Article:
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Havana – Lightning struck a crude oil storage facility on Cuba’s northern coast, sparking a fire that injured dozens of people Saturday, left 17 firefighters missing and prompted the evacuation of about 800 people, according to authorities.

Images of the fire at the Matanzas supertanker base in the province of Matanzas, 60 miles east of the capital Havana, were shared on social media by Cuba’s energy ministry, showing huge flames rising from the facility and thick smoke blackening the sky.

Military helicopters were seen trying to put out the blaze as dozens of firefighters rushed to the scene.

The fire started in one oil tank during a thunderstorm on Friday night and spread to a second tank on Saturday morning, state news media reported. The tank is estimated to hold approximately 52,000 cubic meters of fuel, or more than 13 million gallons.

As of Saturday afternoon, no deaths had been reported, but 77 people had been hospitalized, according to Matanzas government officials.Seventeen firefighters were reported missing Saturday morning when a second tank exploded around 5 a.m.

Among the injured were Cuban Energy Minister Liván Arronte Cruz, the presidential office said on Twitter.

The base stores oil for energy production and is close to one of Cuba’s main power plants. Caribbean islands are already battling widespread power outages due to chronic fuel shortages and poor infrastructure in desperate need of maintenance.

While the lights are on in most of the capital, in the Cuban province where 9 million of the country’s 11 million people live, hours-long power outages have become part of daily life in recent months. Diesel shortages have left motorists waiting in line for days.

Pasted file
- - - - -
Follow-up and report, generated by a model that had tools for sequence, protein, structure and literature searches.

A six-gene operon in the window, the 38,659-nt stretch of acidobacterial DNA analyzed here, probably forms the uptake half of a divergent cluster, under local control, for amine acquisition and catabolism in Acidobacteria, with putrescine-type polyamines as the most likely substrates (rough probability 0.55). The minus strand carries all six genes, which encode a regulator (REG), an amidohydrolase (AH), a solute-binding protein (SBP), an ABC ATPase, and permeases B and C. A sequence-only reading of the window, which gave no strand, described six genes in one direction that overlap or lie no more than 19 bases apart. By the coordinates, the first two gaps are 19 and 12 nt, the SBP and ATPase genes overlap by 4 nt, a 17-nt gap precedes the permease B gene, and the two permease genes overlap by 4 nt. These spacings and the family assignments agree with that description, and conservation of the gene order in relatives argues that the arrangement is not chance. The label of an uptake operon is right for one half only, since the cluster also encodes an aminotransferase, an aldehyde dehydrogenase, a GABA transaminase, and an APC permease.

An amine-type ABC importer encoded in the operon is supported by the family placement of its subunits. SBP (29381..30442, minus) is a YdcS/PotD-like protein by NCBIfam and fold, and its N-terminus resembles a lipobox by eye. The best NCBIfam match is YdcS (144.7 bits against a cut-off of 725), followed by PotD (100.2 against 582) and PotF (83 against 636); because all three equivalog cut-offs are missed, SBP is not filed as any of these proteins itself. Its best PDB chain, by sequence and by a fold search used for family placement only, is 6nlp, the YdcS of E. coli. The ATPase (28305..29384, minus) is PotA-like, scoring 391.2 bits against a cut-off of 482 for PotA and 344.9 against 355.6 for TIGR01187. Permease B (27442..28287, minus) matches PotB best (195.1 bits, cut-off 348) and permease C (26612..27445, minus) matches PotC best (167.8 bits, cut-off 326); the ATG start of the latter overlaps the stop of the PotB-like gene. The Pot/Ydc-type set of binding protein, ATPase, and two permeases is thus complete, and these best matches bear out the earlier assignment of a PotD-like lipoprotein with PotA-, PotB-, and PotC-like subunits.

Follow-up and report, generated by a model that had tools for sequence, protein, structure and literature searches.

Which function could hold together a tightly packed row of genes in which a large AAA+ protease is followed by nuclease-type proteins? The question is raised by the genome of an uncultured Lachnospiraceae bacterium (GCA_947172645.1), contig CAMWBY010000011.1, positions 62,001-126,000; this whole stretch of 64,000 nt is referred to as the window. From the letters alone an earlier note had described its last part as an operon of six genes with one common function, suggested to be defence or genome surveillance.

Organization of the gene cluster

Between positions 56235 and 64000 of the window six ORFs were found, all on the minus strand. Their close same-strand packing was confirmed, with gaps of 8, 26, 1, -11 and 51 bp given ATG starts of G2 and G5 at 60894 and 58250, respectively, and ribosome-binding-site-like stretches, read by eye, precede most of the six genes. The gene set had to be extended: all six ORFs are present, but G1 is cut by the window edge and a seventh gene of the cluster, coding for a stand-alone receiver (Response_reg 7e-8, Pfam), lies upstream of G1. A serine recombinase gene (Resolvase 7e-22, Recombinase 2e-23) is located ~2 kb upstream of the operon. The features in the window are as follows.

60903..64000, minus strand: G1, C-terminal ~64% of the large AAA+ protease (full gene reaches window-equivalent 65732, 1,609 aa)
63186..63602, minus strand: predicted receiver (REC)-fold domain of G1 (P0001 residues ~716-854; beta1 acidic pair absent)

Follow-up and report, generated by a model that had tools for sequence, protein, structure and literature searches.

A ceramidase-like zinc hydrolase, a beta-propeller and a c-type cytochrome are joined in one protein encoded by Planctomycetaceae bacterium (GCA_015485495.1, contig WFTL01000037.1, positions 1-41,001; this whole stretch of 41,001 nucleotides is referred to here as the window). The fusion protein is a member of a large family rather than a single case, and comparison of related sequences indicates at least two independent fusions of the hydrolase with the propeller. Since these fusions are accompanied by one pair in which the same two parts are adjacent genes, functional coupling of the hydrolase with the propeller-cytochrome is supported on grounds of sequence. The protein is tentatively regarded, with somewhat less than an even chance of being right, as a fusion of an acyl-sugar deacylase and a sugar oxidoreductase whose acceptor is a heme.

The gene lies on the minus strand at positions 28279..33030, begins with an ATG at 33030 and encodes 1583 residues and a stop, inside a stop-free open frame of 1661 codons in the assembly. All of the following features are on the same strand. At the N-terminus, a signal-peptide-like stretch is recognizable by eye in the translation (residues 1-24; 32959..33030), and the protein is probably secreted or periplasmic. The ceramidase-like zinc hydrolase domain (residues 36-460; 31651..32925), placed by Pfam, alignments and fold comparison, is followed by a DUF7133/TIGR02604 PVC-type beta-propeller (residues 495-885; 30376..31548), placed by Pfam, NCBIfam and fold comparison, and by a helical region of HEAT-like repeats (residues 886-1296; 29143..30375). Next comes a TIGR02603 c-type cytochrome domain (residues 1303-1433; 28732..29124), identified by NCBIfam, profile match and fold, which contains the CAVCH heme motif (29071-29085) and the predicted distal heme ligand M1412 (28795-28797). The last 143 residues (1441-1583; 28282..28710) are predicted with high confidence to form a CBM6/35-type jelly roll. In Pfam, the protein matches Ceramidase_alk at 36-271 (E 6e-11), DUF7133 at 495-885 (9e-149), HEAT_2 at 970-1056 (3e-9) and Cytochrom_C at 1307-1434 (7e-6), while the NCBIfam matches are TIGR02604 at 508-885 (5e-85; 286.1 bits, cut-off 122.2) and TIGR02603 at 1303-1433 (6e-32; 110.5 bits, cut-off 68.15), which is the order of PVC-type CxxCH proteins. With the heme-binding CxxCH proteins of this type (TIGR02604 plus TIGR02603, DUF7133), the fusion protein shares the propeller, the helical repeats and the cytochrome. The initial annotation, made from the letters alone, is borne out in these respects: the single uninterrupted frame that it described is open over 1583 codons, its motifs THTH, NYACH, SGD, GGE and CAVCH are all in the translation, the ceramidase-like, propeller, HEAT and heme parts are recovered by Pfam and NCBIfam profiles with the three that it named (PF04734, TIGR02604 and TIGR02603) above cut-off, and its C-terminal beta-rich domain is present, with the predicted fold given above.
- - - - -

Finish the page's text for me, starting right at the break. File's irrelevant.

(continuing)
“This is a structural problem with Cuba’s power system, which has been in operation for over 40 years without regular capital maintenance,” said Jorge Piñon, an energy expert at the University of Texas at Austin. “This puts the system at risk of a complete collapse, and there is no short-term solution.”

Last year, Cuba saw its biggest protests in decades, due in part to power outages and a lack of food and medicine in the country, whose economy has been hit hard by the pandemic and U.S. sanctions. In Havana, smoke from the Matanzas fire was visible on the horizon, and residents feared the blaze would make an already difficult situation worse.

“It looks really bad because the country is going through a fuel crisis and a power crisis,” said Amanda Hernández, a 20-year-old college student. “The explosion will make the blackout worse.”

Like many residents, Ms. Hernández has had to get used to regular power outages in recent months, often for hours at a time. As dengue spreads across the capital, she worries that without electricity, she won’t be able to stop the mosquitoes that spread the disease.

“As they say, we have a ‘solidarity’ blackout,” Ms Hernandez said. “I was terrified because I had a baby that needed air and ventilation.”

On Saturday, Cuban President Miguel Diaz-Canel, along with the country’s Prime Minister Manuel Marrero Cruz, visited the affected area, visiting hospitals and meeting the wounded.

“Dawn will be long and painful, just like last night,” Diaz-Canel said on Twitter. “There is no precedent for a fire of this magnitude at a supertanker base.”

In the past, Cuba has shunned development aid out of national pride. But since the fires, state media and government officials have been calling for international aid.

“I am very grateful for the message of unity And what to offer in this difficult time,” Foreign Minister Bruno Rodriguez said on Twitter. “Our foreign policy is set in motion with the help of friendly countries. “

Countries lining up to help include the United States, whose embassy in Havana tweeted: “We want to make it clear that U.S. law authorizes U.S. entities and organizations to provide disaster relief and relief services in Cuba.”

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